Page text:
12 Volt PP3 Battery Charger Circuit

This simple constant current PP3 battery charger was built as a side project to my Stereo Headphone Amplifier. It's essentially the same circuit as my USB Powered AA Battery Charger project except the resistor values have been changed to suit the slightly higher voltages involved. Running as it does on 12 volts (approx) allows it to be powered from a car battery or 12V solar panel

The circuit relies on the fact that the current flow through a transistor is virtually the same in the collector as it is in the emitter. There is a small current flow through the base-emitter junction but it can be ignored for the sake of this project. The base of the transistor is fed from the voltage that is present across the LED. Red LEDs have a voltage drop across them of around 1.8V which is ideal as a voltage reference in this application (Green LEDs are slightly higher at around 2.1V). The base-emitter junction will drop about 0.6V, so the voltage across the 47 ohm emitter resistor will end up being approx 1.2V (1.8 - 0.6 = 1.2). The schematic is shown below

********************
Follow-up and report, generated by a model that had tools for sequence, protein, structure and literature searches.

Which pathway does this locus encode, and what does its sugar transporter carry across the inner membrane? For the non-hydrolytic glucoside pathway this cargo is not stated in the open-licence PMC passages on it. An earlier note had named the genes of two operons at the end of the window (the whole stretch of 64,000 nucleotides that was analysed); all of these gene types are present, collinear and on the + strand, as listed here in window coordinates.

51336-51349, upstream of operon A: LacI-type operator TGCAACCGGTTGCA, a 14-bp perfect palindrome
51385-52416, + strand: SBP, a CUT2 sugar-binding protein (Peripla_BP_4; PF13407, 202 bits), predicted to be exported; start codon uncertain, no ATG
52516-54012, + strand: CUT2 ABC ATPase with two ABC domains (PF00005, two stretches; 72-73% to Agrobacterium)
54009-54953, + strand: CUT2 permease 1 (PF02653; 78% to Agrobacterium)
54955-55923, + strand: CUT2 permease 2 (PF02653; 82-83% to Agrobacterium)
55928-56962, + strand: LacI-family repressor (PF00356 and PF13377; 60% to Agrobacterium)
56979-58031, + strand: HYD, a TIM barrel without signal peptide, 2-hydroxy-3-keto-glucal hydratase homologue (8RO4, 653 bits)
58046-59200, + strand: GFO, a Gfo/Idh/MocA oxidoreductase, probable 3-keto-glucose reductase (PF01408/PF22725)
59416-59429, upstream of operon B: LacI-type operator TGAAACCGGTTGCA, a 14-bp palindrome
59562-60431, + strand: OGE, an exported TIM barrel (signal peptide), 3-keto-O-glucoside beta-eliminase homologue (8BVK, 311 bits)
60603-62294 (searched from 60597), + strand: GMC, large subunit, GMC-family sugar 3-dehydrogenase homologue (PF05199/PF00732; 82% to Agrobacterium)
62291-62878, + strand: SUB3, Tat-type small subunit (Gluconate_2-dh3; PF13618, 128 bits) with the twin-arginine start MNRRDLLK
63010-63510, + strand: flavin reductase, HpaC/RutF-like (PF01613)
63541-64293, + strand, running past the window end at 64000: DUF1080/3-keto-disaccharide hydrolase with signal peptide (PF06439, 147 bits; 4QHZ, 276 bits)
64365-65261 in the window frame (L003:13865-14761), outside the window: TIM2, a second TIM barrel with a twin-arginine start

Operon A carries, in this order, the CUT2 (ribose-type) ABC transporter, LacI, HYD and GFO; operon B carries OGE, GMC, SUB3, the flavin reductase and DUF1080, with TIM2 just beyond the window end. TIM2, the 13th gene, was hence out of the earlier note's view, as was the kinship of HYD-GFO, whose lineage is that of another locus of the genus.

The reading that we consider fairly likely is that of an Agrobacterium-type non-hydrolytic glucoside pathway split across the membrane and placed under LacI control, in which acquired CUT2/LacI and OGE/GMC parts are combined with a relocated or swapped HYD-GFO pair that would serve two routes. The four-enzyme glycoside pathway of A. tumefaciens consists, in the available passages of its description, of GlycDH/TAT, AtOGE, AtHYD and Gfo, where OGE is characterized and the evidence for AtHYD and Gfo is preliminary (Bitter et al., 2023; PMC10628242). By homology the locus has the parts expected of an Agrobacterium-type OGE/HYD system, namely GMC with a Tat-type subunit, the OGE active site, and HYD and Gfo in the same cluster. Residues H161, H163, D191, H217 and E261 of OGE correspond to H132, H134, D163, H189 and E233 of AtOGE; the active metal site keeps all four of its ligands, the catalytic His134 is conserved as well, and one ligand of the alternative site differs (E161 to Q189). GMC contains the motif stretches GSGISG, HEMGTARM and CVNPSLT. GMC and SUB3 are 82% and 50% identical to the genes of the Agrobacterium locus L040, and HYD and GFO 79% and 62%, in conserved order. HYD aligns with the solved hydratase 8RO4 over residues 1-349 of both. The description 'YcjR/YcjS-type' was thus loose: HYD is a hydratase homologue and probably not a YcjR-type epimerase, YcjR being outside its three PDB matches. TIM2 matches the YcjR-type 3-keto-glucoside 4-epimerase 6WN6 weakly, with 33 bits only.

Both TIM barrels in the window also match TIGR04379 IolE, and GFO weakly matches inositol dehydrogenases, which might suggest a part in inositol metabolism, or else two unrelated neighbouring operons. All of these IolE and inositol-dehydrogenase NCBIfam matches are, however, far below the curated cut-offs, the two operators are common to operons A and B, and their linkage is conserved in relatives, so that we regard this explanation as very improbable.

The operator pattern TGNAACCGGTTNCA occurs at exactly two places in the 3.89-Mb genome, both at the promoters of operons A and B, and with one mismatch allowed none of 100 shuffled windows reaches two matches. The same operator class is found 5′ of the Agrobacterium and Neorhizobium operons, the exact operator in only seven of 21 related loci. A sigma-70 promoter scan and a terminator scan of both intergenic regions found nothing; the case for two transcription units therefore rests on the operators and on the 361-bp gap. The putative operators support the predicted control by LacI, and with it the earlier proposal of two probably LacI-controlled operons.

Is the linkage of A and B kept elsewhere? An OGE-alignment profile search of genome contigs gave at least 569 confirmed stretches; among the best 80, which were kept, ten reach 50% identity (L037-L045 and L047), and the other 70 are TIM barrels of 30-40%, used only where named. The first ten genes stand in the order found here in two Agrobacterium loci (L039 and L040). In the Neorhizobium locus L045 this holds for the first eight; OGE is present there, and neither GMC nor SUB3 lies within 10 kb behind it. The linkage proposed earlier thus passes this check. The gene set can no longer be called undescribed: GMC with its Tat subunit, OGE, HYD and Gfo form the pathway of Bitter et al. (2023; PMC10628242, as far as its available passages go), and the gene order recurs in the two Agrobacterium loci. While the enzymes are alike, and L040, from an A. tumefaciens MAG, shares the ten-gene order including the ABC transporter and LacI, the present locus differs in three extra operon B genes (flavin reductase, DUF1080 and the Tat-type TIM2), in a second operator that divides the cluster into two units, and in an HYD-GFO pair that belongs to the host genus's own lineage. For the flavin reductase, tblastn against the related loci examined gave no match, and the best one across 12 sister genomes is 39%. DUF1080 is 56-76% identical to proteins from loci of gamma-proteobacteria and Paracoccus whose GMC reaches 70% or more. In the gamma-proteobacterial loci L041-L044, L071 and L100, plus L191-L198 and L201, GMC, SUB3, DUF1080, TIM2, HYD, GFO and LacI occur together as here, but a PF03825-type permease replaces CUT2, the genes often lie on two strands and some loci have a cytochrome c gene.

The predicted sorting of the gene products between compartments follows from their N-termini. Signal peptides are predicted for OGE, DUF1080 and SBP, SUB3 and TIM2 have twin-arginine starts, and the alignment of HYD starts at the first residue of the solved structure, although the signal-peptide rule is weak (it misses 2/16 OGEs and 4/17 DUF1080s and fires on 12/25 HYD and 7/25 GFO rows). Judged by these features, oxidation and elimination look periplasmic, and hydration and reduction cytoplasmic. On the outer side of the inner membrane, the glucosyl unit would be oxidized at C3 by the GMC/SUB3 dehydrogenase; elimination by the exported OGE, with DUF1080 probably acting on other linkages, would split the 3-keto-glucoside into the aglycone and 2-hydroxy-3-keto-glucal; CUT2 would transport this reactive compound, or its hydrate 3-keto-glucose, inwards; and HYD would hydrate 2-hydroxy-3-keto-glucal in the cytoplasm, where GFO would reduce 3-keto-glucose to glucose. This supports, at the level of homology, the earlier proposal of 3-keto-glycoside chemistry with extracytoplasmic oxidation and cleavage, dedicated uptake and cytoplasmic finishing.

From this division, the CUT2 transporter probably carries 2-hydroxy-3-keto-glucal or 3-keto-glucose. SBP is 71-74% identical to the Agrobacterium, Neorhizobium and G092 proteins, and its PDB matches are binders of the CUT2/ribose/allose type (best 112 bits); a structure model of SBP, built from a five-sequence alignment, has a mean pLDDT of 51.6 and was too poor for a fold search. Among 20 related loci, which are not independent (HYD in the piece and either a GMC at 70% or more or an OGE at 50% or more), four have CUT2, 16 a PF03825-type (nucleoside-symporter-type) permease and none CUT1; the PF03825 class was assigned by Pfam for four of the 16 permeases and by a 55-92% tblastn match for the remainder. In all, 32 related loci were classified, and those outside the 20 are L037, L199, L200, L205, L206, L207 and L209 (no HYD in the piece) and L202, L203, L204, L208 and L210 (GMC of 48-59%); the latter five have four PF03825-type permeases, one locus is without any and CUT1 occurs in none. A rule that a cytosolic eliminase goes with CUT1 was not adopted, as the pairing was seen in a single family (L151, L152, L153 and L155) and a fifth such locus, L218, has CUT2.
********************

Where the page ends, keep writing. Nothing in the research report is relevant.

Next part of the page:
Now using good old ohms law, voltage (1.2) divided by resistance (47) gives a current of 0.025 amps flowing through the resistor. This can vary slightly due to tolerances of the components used but it should be close enough. As mentioned earlier, the current flow through the collector can be considered equal to the current flow through the emitter, so here the current flowing through the battery will be about the same as that flowing through the 47 ohm emitter resistor, which is 0.025A (25mA)

I chose this amount of charge current because a lot of popular PP3 rechargeable batteries available at the moment are around 250mAh, and the simplest and safest way to charge NiCad or NiMH cells is to charge them at a tenth of their Ah (Amp hour) rating for about 15 to 16 hours. So if our battery is rated at 250mAh (0.25 amp hours) we need to charge it at 0.25 divided by 10 = 0.025 amps (25mA). A veroboard layout is shown below

WARNING: There is a break in the track under the 1K8 resistor that must be there!

The circuit has the added bonus that the LED only lights up when the battery is charging. This is because the current flow through the base-emitter junction when the transistor is 'OFF' (no battery connected) is enough to pull the voltage across the LED down below its switch on threshold, which is very useful. The component values shown are not set in stone and can be varied to suit other battery capacities (resistors are 0.6 watt metal film)

12 volts is fed in via a standard 2.1mm coaxial DC connector (the 'line' type with screw terminals). The output attaches to the battery via a PP3 snap fit connector and the whole thing slides neatly inside a 6cm length of white overflow pipe. This lets enough light through to be able to see the LED when it's on without having to drill a hole

The finished charger